It was my ill-informed intention to go into researching and writing film history.  That was my primary interest when I got out of the Marines.  But Oklahoma Christian didn’t have any film courses, so I signed up for theatre classes, thinking it would be related and perhaps useful.  But when my dorm mate asked me to help him audition for the campus theatre company, I played the other part in his audition scene and both of us got in.  I quickly realized that I loved acting better than anything else I’d ever done, and the die was cast, so to speak.  So now, all these years later, I’m still acting.  My dorm mate is doing life in the New Mexico State Penitentiary.  I prefer how I ended up.

Like so many other “Supernatural” guest stars, you started your career in theater, five years as a Shakespearean thespian no less, and transitioned to acting later.  Do you think beginning in theater is a good way to start an acting career?


Well, I transitioned to film & TV acting later.  It’s all acting!  But yes, theatre is the only way to get well grounded in the craft of acting.  You can get lucky and start in TV or film, if you get a break, but those breaks come more easily to people who already have a theatre background.  And all of the basic skills of acting are part of a theatre education, and they’re more consistently taught.  If you get small parts in TV shows as your first acting experience, you’re only going to be exposed to a few seconds or maybe minutes of work before they call cut and you’re done.  But in theatre, an actor, even in a small role, is part of the entire production all through rehearsals and every performance.  There is so much to do and learn and experience in that setting that one can never have as a newbie in TV and movies—even if one gets that chance.  Also, and most importantly, it makes an actor understand the importance of community and group effort.  I can always tell the theatre-trained actors I encounter.  They’re almost always more disciplined, more professional, and more generous to their fellow actors, because they’ve experienced shared dressing rooms and jumping into a different role because someone got sick and they’ve swept the theatre before a show and restocked the bathrooms.  It’s a way of life, shared life, and it changes how you deal with your profession.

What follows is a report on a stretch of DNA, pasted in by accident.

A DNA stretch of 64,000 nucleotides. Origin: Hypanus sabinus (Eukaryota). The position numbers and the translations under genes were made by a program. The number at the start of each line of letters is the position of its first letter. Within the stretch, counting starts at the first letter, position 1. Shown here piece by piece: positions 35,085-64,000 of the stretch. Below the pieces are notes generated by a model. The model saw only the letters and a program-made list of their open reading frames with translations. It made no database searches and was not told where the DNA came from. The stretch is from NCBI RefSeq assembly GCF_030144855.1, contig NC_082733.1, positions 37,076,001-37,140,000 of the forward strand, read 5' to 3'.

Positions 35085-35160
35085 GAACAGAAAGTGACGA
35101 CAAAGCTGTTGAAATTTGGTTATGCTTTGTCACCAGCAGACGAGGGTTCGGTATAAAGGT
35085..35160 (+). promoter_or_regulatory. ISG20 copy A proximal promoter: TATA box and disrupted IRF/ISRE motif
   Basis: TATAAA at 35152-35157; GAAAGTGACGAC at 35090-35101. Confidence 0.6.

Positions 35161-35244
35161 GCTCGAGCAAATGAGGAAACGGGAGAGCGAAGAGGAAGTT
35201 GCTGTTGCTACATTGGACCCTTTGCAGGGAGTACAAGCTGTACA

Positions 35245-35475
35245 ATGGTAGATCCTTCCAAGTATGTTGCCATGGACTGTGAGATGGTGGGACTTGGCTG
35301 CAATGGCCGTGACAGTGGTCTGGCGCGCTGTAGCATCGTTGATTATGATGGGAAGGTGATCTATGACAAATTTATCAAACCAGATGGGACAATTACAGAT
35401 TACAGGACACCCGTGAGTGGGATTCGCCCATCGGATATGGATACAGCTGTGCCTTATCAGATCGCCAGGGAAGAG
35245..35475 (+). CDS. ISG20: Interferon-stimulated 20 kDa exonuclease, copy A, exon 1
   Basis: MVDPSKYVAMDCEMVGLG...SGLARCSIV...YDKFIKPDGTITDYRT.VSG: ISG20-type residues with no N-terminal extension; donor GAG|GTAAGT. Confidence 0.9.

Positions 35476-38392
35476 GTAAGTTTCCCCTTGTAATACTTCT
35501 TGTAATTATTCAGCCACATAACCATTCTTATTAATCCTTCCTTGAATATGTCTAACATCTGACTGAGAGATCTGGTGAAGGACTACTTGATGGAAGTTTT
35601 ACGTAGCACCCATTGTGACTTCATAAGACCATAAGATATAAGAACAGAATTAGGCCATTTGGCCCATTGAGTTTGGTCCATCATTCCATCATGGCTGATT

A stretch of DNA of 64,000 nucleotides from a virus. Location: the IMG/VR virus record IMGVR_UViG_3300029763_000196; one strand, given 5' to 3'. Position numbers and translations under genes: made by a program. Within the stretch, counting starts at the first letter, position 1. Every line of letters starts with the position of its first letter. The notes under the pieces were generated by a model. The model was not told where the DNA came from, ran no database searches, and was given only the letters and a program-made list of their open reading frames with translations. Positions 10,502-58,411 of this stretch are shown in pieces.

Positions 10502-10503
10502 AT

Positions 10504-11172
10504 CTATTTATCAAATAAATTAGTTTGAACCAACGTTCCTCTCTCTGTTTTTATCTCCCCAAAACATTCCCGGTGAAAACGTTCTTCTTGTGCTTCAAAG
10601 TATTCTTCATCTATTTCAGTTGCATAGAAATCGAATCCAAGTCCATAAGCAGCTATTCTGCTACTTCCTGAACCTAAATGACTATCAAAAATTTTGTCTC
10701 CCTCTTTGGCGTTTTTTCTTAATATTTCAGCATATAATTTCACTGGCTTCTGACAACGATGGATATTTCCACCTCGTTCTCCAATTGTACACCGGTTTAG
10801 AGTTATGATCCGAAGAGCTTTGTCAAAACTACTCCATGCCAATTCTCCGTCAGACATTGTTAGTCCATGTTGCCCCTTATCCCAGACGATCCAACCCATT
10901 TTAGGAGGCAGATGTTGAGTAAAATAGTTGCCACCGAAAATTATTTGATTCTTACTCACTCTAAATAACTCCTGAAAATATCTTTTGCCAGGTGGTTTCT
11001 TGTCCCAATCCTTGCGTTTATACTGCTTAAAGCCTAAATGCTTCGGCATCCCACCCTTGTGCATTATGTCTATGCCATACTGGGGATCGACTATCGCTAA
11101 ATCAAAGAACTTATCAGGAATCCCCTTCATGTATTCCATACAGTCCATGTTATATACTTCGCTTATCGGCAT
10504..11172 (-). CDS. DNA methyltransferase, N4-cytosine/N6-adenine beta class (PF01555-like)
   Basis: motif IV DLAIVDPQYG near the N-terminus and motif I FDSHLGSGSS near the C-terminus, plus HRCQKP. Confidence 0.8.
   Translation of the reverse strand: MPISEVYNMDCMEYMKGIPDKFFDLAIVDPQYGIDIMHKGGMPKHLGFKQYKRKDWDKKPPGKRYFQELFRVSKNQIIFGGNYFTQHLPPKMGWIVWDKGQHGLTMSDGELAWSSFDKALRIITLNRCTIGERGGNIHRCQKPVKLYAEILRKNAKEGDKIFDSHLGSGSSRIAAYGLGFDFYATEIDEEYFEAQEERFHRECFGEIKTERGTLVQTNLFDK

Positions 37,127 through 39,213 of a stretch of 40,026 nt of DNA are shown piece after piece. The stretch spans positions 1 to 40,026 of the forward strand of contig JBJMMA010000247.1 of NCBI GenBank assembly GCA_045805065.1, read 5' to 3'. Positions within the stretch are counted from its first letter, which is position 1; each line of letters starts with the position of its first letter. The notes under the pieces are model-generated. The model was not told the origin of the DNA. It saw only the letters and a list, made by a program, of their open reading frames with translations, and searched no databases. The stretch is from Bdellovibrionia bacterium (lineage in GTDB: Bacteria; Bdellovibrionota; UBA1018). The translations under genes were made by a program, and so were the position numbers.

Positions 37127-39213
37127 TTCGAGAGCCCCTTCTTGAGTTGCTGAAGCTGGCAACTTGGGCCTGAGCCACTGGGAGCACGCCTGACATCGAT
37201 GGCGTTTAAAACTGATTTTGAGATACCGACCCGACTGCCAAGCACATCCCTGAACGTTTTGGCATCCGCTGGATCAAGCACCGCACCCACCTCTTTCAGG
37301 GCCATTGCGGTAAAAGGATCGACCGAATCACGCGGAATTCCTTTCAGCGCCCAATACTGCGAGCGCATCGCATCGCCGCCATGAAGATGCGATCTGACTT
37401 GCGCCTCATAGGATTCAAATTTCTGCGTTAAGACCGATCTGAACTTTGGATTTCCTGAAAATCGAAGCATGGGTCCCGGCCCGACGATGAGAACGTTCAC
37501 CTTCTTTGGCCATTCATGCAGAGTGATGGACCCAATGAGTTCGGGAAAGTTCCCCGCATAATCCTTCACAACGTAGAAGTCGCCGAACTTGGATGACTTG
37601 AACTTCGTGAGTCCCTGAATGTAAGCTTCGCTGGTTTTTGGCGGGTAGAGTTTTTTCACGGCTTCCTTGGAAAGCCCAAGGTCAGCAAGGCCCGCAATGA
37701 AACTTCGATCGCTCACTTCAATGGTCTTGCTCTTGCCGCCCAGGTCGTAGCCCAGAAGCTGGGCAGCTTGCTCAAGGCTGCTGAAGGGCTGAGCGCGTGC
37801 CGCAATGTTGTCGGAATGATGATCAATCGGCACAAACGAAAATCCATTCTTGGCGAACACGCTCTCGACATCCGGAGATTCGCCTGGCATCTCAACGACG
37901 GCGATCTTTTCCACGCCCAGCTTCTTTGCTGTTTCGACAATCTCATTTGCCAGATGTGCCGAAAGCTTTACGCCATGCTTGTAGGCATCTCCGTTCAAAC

You have played so many different characters types in your career. Is there one type you prefer or like the best?


I guess I like playing hard or tough characters.  I’ve certainly been handed lots of them.  But I like to show vulnerability in a character, too.  For me, it’s about the writing.  If the script is good, if the character is believable and well-rendered, then I’m happy to play it.  I suppose I shy away from cowardly or wimpy characters, but that’s more out of habit and ego than anything else.  But no one much offers me those characters anymore, and it might be fun to play one again for a change of pace!


Of all the roles I’ve see you play, I remember you best as Ellsworth on the critically acclaimed Western “Deadwood.”  What was it like working on that series and do you see any similarities between the characters of Ellsworth and Singer?  How was it working with Timothy Olyphant?